For some of us this may be true. Another herd behaviour is the well known ‘Bystander Effect’. This causes normally helpful, caring and productive members of society to fail to offer help to those in distress when there is a group witnessing the situation. The smaller the group the more likely it is that someone will help. There are those who aren’t affected by this tendency and they have been studied and shown to be fundamentally different from most of us. They are consistently more likely to make their own decisions in group situations – but they are a small minority. And there were many examples during the Stanley Cup riot of brave souls who stood up to the rampaging hordes – and sadly many of them paid for it with a shower of fists and feet.
While listening to a sports radio call in show I heard an interesting Vancouverite tell his tale. He was at the 1994 riot and he participated. He was young and perhaps a little drunk – he didn’t say – and carried by the masses to a place he never thought he would find himself. He was as disgusted and ashamed as you or I by what happened on June 15th 2011 – and he still can’t explain what happened to him the last time the Canucks lost a game 7 in the Stanley Cup Final.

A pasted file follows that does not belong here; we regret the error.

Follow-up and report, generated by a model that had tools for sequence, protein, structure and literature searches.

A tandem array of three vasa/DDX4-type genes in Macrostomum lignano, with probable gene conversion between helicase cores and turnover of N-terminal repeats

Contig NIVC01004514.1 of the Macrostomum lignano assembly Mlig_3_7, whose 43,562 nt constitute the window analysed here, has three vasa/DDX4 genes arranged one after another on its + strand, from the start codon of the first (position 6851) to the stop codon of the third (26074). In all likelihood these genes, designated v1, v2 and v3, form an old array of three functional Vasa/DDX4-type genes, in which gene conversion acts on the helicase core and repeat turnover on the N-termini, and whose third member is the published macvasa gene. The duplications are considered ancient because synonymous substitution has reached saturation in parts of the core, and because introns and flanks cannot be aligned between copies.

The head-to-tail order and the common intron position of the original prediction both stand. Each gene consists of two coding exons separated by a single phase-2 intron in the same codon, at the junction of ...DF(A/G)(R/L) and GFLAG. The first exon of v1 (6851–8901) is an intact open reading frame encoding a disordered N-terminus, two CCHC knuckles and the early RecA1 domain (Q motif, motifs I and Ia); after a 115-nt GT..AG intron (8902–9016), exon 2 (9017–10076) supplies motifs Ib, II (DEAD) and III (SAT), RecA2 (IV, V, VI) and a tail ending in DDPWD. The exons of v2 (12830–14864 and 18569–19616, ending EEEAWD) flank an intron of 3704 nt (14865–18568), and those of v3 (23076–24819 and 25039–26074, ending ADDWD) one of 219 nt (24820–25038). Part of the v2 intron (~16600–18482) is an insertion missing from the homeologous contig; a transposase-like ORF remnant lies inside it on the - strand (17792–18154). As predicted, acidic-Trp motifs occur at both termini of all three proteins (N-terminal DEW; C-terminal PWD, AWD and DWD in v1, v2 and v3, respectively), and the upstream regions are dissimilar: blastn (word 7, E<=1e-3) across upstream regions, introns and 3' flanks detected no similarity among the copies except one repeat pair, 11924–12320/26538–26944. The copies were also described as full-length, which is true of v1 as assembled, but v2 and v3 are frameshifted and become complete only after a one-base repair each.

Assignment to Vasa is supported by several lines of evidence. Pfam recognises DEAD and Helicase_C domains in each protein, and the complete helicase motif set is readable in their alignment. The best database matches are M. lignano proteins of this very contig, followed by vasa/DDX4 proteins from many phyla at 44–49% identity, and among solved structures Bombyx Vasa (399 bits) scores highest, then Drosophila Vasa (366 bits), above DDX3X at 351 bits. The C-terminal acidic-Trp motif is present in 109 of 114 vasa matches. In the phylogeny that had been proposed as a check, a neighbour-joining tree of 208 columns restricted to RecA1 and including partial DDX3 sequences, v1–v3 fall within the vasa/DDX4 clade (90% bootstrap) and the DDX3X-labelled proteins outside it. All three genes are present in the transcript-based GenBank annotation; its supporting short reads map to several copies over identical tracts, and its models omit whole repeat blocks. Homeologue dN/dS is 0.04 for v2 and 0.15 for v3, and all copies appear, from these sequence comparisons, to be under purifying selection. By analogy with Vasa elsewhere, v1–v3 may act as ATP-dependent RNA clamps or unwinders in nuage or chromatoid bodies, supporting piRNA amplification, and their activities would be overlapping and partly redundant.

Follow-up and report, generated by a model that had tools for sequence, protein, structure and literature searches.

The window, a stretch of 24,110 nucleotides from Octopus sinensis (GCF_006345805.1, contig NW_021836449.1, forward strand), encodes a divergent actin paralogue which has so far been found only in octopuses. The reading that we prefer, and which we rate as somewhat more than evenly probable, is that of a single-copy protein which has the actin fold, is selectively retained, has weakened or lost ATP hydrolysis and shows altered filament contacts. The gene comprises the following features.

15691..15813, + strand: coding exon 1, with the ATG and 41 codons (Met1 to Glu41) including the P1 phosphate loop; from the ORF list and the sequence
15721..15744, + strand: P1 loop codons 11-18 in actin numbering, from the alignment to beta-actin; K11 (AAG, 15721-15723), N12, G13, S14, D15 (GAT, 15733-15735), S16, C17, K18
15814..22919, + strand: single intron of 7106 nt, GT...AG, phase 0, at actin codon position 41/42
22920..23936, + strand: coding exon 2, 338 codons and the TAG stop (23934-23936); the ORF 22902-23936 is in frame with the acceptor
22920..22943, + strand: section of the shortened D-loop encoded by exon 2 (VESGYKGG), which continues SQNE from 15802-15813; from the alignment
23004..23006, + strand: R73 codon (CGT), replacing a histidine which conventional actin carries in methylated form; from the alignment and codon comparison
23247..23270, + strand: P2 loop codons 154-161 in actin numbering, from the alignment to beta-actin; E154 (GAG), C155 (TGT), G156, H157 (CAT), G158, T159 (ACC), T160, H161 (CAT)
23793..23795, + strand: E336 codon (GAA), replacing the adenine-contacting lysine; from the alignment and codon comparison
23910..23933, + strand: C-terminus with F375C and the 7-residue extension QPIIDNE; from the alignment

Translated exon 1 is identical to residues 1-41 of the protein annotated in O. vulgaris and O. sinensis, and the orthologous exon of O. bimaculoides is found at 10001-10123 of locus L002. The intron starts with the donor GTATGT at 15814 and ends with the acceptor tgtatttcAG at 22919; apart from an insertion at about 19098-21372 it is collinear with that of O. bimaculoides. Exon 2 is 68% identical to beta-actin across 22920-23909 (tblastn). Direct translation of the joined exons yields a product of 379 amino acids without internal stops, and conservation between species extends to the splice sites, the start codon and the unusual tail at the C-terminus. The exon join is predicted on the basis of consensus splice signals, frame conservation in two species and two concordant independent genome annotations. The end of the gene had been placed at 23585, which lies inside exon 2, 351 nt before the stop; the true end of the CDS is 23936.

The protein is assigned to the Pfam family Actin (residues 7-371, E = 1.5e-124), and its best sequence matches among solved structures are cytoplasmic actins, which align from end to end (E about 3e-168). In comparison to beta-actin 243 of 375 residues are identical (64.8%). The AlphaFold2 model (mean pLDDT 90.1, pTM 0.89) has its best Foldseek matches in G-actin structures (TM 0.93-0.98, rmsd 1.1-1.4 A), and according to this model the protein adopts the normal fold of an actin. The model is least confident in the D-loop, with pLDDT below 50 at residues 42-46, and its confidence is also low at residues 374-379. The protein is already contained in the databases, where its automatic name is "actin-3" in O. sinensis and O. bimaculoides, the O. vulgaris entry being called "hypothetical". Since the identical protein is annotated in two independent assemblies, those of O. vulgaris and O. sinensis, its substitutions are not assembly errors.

Before you begin writing another self-righteous and self-congratulatory reply to this (as I have done) let me say that I was and am as disgusted, repulsed and ashamed as anyone by the events of this past Wednesday night. I sat mute disbelief in front of the television while the reputation of our beautiful city – where my parents and I were born and raised – was forever defaced. I also believe that those involved should face penalties for what they have done – particularly those who instigated the meltdown. But if we explain all of this by calling all of those involved idiots, vandals and morons who have nothing in common with the rest of humanity we risk having this scenario repeated again and again– as it has been throughout history.